Tuesday, September 28, 2010

Yam and Bean Burrito

This dish is new to us, but has quickly become one of our favorites. Yams and sweet potatoes, while not closely related, can be used interchangeably.

Yam and Bean Burrito

2010 California Dept of Public Health
2 large yams, cut into bite-sized chunks (I leave the skin on, do what you like)
Olive oil/cooking oil
1/2 onion, diced
1 15-oz can black beans, rinsed and drained, or 2 cups cooked black beans
1/2 tsp cumin
Salt and pepper to taste
Monterey Jack or mozzarella cheese
Whole wheat tortillas

Preheat oven to 375 degrees. In a large mixing bowl, toss yam chunks with 1 TBS oil. Spread coated yams on a baking sheet and roast in the oven for 20-25 minutes (depending on how large your chunks are) or until yams are tender. In a large skillet, heat 1 tsp oil over medium-high heat. Add diced onion and saute until tender. Add beans, cumin, salt, and pepper to taste. Remove from heat and mix in cooked yam chunks, stirring gently. Spoon mixture into the center of each tortilla. Sprinkle with cheese. Roll up the tortilla and serve. (If you have any left over rice in the fridge, it also makes a great addition.)

Tuesday, September 14, 2010

Banana Wrap + A Plug for Whole Grains

This recipe is so simple, I'm kind of amazed I never thought of it myself. The combination of flavors is classic (bananas and peanut butter!), and this is a great meal for little kids. It is just right for little hands to hold. For Kimball, I make the wrap then slice it. He loves it. Plus, you get a serving each of fruit, protein, and whole grains all in one! Be sure to use whole wheat* tortillas. The flavor is much heartier.

2010 California Dept of Public Health
Banana Wrap

1 whole wheat tortilla
1 banana, peeled
2 TBS peanut butter
2 TBS jelly/jam/preserves

Simply spread the peanut butter and jelly on the flat tortilla, lay the banana at one end, and roll it up.

It may look like kids' food, but I would eat this for lunch every day. It's so yummy!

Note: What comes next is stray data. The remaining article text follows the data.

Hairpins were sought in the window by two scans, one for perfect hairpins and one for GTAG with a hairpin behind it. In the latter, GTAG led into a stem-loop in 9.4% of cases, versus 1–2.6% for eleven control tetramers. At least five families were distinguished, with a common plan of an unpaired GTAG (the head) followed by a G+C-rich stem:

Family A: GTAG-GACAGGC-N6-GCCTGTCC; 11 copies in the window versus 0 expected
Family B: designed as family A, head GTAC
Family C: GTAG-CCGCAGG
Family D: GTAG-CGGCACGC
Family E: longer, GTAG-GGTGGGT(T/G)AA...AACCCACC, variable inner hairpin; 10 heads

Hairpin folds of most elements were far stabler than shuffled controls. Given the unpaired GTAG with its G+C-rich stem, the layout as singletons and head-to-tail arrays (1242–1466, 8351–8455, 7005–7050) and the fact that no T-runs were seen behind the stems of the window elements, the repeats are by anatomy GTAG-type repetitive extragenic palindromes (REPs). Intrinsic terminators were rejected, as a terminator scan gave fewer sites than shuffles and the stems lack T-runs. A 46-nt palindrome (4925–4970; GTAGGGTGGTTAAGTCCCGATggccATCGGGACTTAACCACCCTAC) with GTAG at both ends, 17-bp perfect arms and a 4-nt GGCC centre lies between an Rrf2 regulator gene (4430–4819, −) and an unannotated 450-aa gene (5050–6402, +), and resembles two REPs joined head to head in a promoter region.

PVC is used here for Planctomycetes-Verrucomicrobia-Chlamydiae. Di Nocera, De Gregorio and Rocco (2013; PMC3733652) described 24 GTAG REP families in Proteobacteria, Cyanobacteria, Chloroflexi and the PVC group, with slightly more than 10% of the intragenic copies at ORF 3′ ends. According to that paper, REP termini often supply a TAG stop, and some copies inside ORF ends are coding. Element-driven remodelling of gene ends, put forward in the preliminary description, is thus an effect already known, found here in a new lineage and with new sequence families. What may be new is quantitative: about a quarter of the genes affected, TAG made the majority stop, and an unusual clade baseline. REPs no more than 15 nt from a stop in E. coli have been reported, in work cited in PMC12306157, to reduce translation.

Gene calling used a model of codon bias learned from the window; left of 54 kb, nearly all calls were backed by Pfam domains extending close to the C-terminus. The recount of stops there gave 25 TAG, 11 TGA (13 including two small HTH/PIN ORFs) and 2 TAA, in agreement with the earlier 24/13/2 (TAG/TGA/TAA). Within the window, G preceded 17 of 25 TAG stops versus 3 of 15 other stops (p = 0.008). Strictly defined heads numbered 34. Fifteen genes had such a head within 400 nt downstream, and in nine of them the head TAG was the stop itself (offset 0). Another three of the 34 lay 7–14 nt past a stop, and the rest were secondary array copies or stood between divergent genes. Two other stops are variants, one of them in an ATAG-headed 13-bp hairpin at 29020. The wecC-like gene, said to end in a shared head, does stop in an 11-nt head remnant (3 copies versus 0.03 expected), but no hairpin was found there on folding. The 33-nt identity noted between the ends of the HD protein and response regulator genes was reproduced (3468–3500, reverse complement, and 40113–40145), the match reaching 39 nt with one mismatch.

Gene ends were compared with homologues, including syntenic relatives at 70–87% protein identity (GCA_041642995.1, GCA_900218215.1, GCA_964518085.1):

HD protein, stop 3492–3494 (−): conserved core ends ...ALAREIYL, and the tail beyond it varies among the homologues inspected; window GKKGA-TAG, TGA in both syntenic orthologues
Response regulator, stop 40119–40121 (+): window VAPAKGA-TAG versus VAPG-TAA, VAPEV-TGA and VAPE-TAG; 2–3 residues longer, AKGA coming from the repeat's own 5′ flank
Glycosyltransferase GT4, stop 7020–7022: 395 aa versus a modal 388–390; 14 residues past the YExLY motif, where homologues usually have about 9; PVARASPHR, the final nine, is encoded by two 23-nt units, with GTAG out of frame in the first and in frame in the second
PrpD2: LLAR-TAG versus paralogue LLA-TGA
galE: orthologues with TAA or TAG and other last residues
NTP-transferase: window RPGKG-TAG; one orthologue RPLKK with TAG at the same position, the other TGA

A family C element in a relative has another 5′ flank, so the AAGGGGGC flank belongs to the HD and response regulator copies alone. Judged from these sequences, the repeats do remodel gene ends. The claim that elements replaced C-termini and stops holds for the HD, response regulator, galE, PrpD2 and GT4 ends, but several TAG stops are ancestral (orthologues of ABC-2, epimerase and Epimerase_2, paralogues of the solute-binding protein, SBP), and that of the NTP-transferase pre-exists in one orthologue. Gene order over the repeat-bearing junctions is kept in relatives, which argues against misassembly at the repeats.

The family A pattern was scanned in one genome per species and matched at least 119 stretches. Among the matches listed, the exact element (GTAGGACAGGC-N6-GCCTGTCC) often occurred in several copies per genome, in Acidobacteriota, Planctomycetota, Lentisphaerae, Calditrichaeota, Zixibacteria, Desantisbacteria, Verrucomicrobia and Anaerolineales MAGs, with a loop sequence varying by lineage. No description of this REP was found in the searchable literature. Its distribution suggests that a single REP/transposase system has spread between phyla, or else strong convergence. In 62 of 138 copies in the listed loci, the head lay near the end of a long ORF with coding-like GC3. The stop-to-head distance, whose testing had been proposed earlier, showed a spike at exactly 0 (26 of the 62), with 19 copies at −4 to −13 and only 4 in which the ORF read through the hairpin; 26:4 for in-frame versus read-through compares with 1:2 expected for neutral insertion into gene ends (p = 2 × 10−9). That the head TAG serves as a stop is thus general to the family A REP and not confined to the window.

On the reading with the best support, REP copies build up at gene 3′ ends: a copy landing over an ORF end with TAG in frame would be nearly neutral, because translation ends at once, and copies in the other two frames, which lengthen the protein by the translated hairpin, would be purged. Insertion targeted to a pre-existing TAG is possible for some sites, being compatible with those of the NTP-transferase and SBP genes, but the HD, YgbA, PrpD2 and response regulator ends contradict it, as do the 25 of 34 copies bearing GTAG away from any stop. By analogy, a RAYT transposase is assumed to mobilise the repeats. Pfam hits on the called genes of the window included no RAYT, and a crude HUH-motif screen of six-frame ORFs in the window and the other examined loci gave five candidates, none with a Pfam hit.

*Here comes my rant in defense of whole grains: When grains grow in the field, they contain a fiber-rich bran, a heart healthy germ, and a starchy endosperm. Whole grains keep all three parts, while enriched/refined grains (white bread, white rice, etc.) only have the starchy endosperm. I think it's better for food to be closer to its natural state, rather than processed and refined.

Whole grains are great for heart health, digestive health, reduced risk of chronic diseases, weight management, and contain a slew of nutrients such as iron, selenium, magnesium, and several B vitamins. White bread is mostly empty carbs and sugars. Some people think white breads taste better, but I disagree. Besides, that's not a very good excuse to skip out on the irreplaceable benefits of whole grains. We love whole wheat pasta and brown and wild rice. I think the flavors are much more delicious and hearty, plus whole grains help you feel full longer. Read more about the importance of eating whole grains here.

One more thing: breads at the store that say "100% Wheat" are not whole grains, even if the bread looks brown (it has been dyed). It just means that wheat was the only grain used to make the bread. The label must say whole wheat. And multi-grain breads may or may not be whole grains; you just have to check the ingredients.

I told you I was going to rant!